- "Thousands say goodbye to Menino - The Boston Globe". Retrieved 30 May 2018.
- That is, rhyming with panel or Daniel.
- Cooper, James Fenimore; Cooper, James Fenimore. "Lionel Lincoln : or, The leaguer of Boston". New York : Lovell, Coryell. Retrieved 30 May 2018 – via Internet Archive.
- Zander, Amy (16 August 2016). "Faneuil Hall: Everything you need to know". Maverick Empire. Retrieved 2 August 2018.
- Gere, Michelle (17 August 2017). "Group calls for Faneuil Hall to be renamed". Retrieved 30 May 2018.
- "Marty Walsh has a confession to make". bostonglobe.com. Retrieved August 1, 2018.
- Viser, Matt (2007-05-04). "It tolls for the city". The Boston Globe. Retrieved 2007-05-05.
- "Grasshopper Weather Vane on Faneuil Hall Is Stolen". New York Times. January 6, 1974. p. 54.
- "Faneuil Hall Grasshopper". Celebrate Boston. Retrieved 2008-12-27.
- Unsworth, Tania (February 26, 1996). "Playing Tourist At Home". New York Times. Retrieved 2008-12-27.
- "Samuel Adams Statue at Faneuil Hall Boston". www.celebrateboston.com. Retrieved 30 May 2018.
- "CultureNOW - A Once and Future Shoreline (orignal shoreline c. 1630): Ross Miller, Boston Art Commission and Boston Landmarks Commission". culturenow.org. Retrieved 30 May 2018.
- "Art in Faneuil Hall, Boston National Historical Park Brochure" (PDF). Retrieved 30 May 2018.
- "Houghton Library Blog". Harvard University. 11 July 2013.
- Snow. History of Boston. 1828; p.293-294
- Daniel Webster. A discourse in commemoration of the lives and services of John Adams and Thomas Jefferson, delivered in Faneuil Hall, Boston, August 2, 1826. Boston: Cummings, Hilliard, and Company, 1826
- Timothy Fuller. An oration, delivered at Faneuil Hall, Boston, July 11, 1831: at the request of the Suffolk Anti-Masonic Committee. 1831
- Edward Everett. Eulogy on Lafayette: delivered in Faneuil hall, at the request of the young men of Boston, September 6, 1834. Boston: N. Hale, 1834
- The freedom speech of Wendell Phillips: Faneuil Hall, December 8, 1837, with descriptive letters from eye witnesses. Boston: Wendell Phillips Hall Association, 1890
- First Exhibition and Fair of the Massachusetts Charitable Mechanic Association. 1837
- Remarks of the Hon. Peleg Sprague at Faneuil Hall: before the citizens of Boston and its vicinity, upon the character and services of Gen. William Henry Harrison, of Ohio, the Whig candidate for the presidency of the United States. Boston: Whig Republican Assoc., 1839
- Charles Francis Adams. An oration, delivered before the City Council and citizens of Boston, in Faneuil Hall, on the sixty-seventh anniversary of the Declaration of Independence: July 4th, 1843. Boston: J. H. Eastburn, City printer, 1843
- Edward Everett. A eulogy on the life and character of John Quincy Adams: delivered at the request of the legislature of Massachusetts, in Faneuil hall, April 15, 1848. Boston: Dutton and Wentworth, state printers, 1848
- Boston slave riot, and trial of Anthony Burns: Containing the report of the Faneuil Hall meeting, the murder of Batchelder, Theodore Parker's Lesson for the day, speeches of counsel on both sides, corrected by themselves, a verbatim report of Judge Loring's decision, and detailed account of the embarkation. Boston: Fetridge and Co., 1854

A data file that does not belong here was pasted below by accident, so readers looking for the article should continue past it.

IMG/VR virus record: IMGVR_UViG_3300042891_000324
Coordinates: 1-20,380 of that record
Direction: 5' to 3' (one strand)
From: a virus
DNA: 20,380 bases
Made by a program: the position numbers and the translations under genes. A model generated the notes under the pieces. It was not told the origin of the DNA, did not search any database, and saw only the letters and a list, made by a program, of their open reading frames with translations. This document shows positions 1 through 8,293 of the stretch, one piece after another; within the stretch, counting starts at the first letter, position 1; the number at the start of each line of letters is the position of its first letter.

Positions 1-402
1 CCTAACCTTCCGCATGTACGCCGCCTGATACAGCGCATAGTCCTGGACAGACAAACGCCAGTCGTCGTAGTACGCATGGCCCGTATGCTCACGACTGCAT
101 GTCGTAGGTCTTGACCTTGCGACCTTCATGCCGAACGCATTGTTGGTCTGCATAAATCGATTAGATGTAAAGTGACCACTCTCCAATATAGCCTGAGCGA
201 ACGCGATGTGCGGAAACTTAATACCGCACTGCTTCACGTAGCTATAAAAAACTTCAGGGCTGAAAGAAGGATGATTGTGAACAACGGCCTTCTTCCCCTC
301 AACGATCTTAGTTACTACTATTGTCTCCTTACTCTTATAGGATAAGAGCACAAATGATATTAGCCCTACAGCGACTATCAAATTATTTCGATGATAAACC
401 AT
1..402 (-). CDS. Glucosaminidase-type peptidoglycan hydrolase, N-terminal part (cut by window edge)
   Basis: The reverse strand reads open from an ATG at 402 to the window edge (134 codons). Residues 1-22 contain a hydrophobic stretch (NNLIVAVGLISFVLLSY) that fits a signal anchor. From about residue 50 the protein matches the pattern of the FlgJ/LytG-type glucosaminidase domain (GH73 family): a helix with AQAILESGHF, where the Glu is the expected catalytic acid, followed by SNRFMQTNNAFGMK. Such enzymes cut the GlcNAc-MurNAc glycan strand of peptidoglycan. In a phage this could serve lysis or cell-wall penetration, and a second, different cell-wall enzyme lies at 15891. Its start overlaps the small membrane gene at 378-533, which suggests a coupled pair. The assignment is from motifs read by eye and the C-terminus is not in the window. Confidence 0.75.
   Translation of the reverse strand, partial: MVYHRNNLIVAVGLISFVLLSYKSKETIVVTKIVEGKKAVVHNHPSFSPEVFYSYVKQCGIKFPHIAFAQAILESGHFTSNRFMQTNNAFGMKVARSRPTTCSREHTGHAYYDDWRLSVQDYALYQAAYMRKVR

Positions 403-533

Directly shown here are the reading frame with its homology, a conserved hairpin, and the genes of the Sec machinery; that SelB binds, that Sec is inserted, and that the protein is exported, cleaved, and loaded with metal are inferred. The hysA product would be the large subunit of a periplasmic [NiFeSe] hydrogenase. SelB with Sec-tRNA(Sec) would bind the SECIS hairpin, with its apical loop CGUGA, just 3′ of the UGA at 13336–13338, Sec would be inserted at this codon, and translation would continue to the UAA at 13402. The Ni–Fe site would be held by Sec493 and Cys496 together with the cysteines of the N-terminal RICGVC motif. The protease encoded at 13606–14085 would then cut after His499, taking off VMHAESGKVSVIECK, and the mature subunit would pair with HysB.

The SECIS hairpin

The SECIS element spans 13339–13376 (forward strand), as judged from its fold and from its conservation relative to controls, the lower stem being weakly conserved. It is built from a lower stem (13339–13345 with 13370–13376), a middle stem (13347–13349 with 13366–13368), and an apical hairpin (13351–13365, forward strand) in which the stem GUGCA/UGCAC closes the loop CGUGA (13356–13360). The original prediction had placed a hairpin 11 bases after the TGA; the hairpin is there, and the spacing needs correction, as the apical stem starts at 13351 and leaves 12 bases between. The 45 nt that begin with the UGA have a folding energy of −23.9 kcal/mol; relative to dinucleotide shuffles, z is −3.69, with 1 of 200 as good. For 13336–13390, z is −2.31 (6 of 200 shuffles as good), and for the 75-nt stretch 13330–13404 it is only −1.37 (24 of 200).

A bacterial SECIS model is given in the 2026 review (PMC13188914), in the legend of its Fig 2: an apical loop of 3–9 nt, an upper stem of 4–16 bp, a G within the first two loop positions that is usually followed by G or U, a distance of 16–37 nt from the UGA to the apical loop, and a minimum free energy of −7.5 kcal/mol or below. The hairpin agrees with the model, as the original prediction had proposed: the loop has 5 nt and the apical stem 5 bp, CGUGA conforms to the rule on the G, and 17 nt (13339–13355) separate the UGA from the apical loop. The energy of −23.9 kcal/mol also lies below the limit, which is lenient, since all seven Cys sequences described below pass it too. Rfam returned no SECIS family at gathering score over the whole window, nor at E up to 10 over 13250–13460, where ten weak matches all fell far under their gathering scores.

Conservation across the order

- Speech of Gen. A. J. Hamilton, of Texas, at the war meeting at Faneuil hall, Saturday evening, April 18, 1863. Boston: Press of T. R. Marvin & son, 1863
- Savannah and Boston: account of the supplies sent to Savannah ; with the Last appeal of Edward Everett in Faneuil Hall ; The letter to the mayor of Savannah ; and, The proceedings of the citizens, and letter of the mayor of Savannah. Boston: J. Wilson, 1865
- Parks for the people: Proceedings of a public meeting held at Faneuil hall, June 7, 1876. Boston: Franklin press: Rand, Avery, & co., 1876
- Proceedings of the indignation meeting held in Faneuil Hall, Thursday evening, August 1, 1878: to protest against the injury done to the freedom of the press by the conviction and imprisonment of Ezra H. Heywood. B.R. Tucker, 1878
- Eben Norton Horsford. Discovery of America by Northmen: address at the unveiling of the statue of Leif Eriksen, delivered in Faneuil Hall, Oct. 29, 1887. Boston: Houghton, Mifflin and Co., 1888
- "At the Cradle of Liberty," The New York Age, front page, Saturday, August 9, 1890.
- Socialism: a speech delivered in Faneuil hall, February 7th, 1903, by Frederic J. Stimson ... in joint debate with James F. Carey. Boston: The Old Corner Book Store, Inc., 1903
- Mass meetings of protest against the suppression of truth about the Philippines, Faneuil hall, Thursday, March 19, 1903.
- "Grasshopper Weather Vane on Faneuil Hall Is Stolen". New York Times. January 6, 1974. p. 54.
- Abram English Brown (1901) Faneuil hall and Faneuil Hall Market: or, Peter Faneuil and His Gift. Boston: Lee and Shepard.
- Burgon, John William (1839) Life and Times of Sir Thomas Gresham. London: Robert Jennings
|Wikimedia Commons has media related to Faneuil Hall.|
- Faneuil Hall Marketplace
- Faneuil Hall (City of Boston)
- Faneuil Hall (National Park Service)
- (Official website of the Freedom Trail)
- Suffolk County listings (National Register of Historic Places)
- Boston Classical Orchestra
- Historic American Buildings Survey, Library of Congress. Includes 1937 photos.
- SAH Archipedia Building Entry
- Faneuil Hall Study Report
Site of the Boston Massacre
| Locations along Boston's Freedom Trail
Paul Revere House